Shiur #7d: Nusach Ha-mikra – Accuracy of the Biblical Text
D. "Keri u-Khetiv"
The phenomenon of "keri u-khetiv" variants (where a word is vocalized differently from the way in which it is written) is manifest, to a limited extent, already in Chazal's teachings, and among the Masoretes, who began to note the vocal form in the margins of the manuscript itself, a practice which became very common. Different possibilities have been proposed as to the origins of this custom. Radak offers the following explanation:
"During the first exile, the books were lost or carried away, and the Sages who knew the Bible passed away, and the Men of the Great Assembly, who restored the Torah to its previous honor, found discrepancies in the books and [therefore] followed the majority [of them] to the best of their understanding. Where their conclusions were not decisive, they wrote one option without vowels [thereby leaving room for more than one possibility for vocalization], or wrote on the outside but not on the inside, or wrote the word one way in the text itself, but in a different way on the outside."
According to Radak, then, the phenomenon represents a method of preserving different versions of a word in those instances where the Men of the Great Assembly were unable to reach a final decision. For this reason, Radak throughout his commentary labors to explain the text according to both "keri" and "ketiv,” with the assumption that the latter represents a textual version that existed in the manuscripts that the Men of the Great Assembly worked from.
Abarbanel, in his introduction to the Book of Yirmiyahu, attacks Radak's position in the strongest terms, on multiple grounds. First, he asserts the "argument from faith" against raising the possibility of any doubt as to the correct textual version:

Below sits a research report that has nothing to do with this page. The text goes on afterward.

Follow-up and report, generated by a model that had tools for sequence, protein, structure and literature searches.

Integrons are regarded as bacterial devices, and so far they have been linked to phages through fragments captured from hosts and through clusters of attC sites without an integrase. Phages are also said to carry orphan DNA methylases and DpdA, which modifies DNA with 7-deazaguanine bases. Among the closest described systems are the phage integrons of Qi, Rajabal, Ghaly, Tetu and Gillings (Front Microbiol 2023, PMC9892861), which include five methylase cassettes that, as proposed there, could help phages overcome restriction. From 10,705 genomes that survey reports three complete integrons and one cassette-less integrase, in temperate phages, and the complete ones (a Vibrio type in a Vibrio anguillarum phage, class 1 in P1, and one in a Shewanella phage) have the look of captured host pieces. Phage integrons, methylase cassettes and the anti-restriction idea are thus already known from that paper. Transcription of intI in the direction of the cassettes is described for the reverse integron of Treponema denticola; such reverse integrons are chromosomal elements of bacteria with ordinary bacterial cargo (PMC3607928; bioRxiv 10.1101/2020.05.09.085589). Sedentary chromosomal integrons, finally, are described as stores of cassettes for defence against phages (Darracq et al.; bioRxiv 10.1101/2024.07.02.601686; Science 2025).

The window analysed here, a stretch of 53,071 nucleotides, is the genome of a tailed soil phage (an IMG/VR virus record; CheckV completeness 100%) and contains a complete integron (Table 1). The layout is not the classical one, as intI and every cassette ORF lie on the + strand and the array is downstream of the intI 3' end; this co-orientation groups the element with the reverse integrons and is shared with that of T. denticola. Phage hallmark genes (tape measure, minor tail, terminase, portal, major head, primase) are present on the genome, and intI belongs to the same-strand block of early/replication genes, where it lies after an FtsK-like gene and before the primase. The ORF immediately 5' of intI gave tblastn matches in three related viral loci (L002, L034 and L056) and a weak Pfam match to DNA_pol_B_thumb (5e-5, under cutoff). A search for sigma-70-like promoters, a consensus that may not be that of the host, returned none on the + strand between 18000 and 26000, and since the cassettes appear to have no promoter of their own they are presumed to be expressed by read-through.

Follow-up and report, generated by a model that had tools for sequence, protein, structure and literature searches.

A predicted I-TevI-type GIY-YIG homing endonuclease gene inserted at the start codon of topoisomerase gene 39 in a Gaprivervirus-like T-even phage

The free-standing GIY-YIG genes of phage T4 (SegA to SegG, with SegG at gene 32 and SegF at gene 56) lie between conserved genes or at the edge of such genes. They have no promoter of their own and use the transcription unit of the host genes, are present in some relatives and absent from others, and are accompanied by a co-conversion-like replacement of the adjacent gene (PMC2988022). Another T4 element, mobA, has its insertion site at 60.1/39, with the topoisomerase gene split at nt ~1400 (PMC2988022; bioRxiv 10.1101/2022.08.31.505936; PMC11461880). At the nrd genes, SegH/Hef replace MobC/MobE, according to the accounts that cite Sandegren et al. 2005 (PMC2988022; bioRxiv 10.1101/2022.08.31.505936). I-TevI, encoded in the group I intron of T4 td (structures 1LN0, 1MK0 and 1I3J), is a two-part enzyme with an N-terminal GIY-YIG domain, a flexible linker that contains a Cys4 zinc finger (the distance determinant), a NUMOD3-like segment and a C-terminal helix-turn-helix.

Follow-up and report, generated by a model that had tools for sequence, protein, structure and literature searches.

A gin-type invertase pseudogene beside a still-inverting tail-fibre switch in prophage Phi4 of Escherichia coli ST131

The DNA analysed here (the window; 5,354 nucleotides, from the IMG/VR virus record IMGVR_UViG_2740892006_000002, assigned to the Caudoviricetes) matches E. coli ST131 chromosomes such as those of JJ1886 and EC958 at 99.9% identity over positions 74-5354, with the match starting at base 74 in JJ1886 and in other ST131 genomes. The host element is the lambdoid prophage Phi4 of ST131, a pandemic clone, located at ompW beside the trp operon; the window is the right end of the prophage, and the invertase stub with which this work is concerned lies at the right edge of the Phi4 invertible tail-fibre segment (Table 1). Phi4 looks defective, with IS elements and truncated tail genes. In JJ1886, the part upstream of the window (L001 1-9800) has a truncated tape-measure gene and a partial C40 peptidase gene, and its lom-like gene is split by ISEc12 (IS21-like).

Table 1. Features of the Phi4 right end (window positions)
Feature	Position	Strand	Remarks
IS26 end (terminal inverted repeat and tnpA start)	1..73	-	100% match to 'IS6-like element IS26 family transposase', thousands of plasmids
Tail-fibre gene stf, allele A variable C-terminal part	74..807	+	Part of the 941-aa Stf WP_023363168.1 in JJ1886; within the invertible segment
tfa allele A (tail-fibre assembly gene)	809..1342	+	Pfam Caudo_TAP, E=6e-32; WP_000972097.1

"How can I believe or suggest that Ezra the Scribe found a Book of God's Torah and Books of the Prophets and other works written with Divine inspiration, to contain any doubt or confusion? For a Book of Torah that lacks even a single letter is unfit for use; how much more so [one that contains errors] in 'keri u-khetiv' which come with the Torah."
To this we might respond, as we have already noted, that Chazal themselves testified to their lack of expertise as to the exact text. However, Abarbanel also invokes an "arguments from probability": if indeed the phenomenon arises from some doubt that arose in Ezra's mind concerning the proper version,
"Why, then, in explaining the text, do we always follow the version that is read, rather than the version that is written? If Ezra had any doubt in the matter, why would the vocalization always agree with the 'keri' and not with the 'ketiv'? This itself indicates that in his view the 'keri' (vocalized version) is the correct one, and therefore he vocalized it thus, and not as it is written. And if indeed this was his opinion, then he should have placed the 'keri' version in the text, for this would be the proper variant, in accordance with the vocalization, and the 'ketiv' should have been placed outside!"